Scam Awareness Week 3 – 9 July 2023

Scams Awareness is an annual campaign aiming to:

  • Give people skills to identify scams
  • Encourage people to share their experiences
  • Help people gain the confidence to report scams  Scammers reach out in a number of ways, providing substandard services and trying to take your money. This could involve someone contacting you unexpectedly by telephone or email, coming to your door with a too good to be true opportunity or offering false information through online advertising.

We’re helping you stay #ScamAware by sharing 5 scams you should be on the lookout for…

1. Fake text messages and emails, known as ‘friend-in-need scams’

There’s been an increase in the number of people receiving messages claiming to be from their relatives/children, asking them to reply on a new number before requesting money.

If you get one of these messages — be suspicious. Don’t be rushed into making any quick decisions. It’s okay to take your time, and if someone is pressuring you to send money or personal details then it’s most likely a scam.

Try and contact your relative/child directly on a known number, or ask them to share a voice note, to confirm if the message is genuine. Only consider the request if you’ve done these checks and are 100% sure the request is from someone you know and trust.

2. Home Improvement scams

We’ve seen a number of people being scammed when booking home improvements this year.

If you’re being pressured to pay upfront for work, or the company you’re working with is adding on additional costs before completing the work, it might be a scam.

Find out more on how to avoid home improvement scams here.

3. Online shopping scams

Watch out for fake adverts when shopping online. If you spot something you want to buy, make sure you protect yourself by:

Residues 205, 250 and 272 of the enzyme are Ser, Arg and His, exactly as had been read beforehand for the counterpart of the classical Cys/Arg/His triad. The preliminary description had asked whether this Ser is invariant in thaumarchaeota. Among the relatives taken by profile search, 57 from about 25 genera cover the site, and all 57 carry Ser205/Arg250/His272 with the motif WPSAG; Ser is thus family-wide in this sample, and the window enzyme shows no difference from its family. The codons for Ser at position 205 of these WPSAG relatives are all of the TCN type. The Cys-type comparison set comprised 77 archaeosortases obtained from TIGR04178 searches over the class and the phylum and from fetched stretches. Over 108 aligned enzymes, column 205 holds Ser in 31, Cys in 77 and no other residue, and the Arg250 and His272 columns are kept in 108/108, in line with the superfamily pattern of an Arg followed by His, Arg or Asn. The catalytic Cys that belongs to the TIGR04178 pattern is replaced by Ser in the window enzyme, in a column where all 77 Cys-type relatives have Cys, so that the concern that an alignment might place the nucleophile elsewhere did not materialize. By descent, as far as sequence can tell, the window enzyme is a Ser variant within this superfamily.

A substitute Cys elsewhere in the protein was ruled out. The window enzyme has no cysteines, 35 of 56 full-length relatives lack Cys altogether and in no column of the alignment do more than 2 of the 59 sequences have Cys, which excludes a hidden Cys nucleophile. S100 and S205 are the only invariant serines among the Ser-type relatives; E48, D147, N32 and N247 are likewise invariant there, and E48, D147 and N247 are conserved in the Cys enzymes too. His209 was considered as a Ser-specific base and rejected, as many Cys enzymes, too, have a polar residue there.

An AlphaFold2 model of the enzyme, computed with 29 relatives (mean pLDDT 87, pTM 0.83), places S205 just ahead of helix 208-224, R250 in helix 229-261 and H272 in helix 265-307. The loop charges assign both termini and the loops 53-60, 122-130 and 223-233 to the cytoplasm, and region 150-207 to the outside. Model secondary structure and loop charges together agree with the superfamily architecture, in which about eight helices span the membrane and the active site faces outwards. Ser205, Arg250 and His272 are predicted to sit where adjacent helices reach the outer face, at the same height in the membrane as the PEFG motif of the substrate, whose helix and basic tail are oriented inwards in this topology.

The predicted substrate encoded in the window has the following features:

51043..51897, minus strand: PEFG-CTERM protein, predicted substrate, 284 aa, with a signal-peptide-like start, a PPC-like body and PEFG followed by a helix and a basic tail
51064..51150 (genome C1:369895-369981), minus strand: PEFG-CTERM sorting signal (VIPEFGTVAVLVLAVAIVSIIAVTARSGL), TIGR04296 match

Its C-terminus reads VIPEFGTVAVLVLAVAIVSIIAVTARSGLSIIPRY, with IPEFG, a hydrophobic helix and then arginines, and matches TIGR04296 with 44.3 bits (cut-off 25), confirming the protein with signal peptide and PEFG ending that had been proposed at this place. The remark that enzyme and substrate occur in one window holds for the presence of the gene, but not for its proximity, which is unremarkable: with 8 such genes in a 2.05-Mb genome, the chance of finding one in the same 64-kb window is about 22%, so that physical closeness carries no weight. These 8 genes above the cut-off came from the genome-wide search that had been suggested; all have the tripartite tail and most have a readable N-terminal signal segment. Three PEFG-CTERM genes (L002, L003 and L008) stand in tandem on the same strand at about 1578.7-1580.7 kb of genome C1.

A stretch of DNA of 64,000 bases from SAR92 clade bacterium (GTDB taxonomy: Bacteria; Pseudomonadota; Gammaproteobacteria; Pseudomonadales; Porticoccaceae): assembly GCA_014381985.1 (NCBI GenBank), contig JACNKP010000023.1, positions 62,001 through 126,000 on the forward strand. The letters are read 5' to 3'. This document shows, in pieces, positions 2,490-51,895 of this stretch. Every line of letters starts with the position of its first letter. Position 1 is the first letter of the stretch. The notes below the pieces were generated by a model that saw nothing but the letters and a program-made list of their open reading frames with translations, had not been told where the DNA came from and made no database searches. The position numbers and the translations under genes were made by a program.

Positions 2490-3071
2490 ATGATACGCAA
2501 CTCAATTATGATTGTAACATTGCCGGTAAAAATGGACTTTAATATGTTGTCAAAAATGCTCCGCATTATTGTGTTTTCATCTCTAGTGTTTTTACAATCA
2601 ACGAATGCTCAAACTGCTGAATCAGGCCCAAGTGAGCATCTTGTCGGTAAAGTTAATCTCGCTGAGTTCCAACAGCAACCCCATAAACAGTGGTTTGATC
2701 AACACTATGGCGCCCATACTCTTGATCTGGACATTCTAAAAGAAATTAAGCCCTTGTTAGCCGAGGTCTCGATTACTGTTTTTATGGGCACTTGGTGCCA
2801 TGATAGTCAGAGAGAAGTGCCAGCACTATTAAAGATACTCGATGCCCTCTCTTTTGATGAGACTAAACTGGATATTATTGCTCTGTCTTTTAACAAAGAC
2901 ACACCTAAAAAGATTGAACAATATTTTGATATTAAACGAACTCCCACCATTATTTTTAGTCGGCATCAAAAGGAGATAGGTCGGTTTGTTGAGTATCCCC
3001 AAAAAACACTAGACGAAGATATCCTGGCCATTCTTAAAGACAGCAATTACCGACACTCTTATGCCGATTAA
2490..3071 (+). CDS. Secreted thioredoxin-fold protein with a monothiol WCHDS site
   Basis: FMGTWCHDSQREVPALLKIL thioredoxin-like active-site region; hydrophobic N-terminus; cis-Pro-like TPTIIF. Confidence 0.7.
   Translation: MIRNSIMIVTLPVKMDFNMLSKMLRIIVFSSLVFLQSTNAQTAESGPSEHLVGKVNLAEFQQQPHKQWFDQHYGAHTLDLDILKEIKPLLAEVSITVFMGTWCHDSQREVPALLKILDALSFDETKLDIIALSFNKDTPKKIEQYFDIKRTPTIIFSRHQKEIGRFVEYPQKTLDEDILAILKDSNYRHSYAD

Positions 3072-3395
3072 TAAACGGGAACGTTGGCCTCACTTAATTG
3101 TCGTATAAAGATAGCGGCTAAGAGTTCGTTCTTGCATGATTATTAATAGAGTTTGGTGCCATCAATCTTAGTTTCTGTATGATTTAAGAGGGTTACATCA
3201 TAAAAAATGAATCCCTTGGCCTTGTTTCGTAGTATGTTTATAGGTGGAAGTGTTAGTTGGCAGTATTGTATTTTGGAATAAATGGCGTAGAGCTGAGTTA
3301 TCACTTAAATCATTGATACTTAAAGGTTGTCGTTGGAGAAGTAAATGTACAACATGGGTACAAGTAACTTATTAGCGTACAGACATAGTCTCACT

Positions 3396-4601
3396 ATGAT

• Read reviews from different websites
  • Find the company’s details on Companies House
  • Look at their terms and conditions
  • Pay by debit or credit card

4. Used car scams

When purchasing a car, avoid scammers by doing the following:

  • Looking for an established firm with a good reputation, and links to a trade association (for example, the Retail Motor Industry Federation or the Scottish Motor Trade Association)
  • Check the car’s history. These checks are simple, don’t take long and don’t cost much
  • Inspect the car and take a test drive
  • Avoid purchasing via auction or through Facebook Marketplace — they offer less protection if something goes wrong.

Find out more about protecting yourself when buying a used car on our website.

5. Financial scams

If you’re contacted for an investment opportunity unexpectedly by email or social media, it could be a scam.

If you’re not sure about a financial opportunity you’re being offered, get advice from a trusted source and don’t be rushed into making any quick decisions. It’s okay to take your time.

Never give money or personal details, like passwords or bank details, or transfer cash to someone you don’t know or have only met online.

Need more help?

Then we’re here for you! Visit our website for all of our advice or contact us to speak to one of our advisers.

You can also head to Friends Against Scams to learn more about how to protect yourself and your loved ones from scams.

Useful links:

Blog by Jessica Rigby

What can people do?

Stop and get advice. Contact Citizens Advice online at or on 0808 223 1133 (0808 223 1144 for Welsh language).

Report scams to Action Fraud on 0300 123 2040 or @actionfrauduk on Twitter.

Talk with friends, family and neighbours about scams they’ve experienced.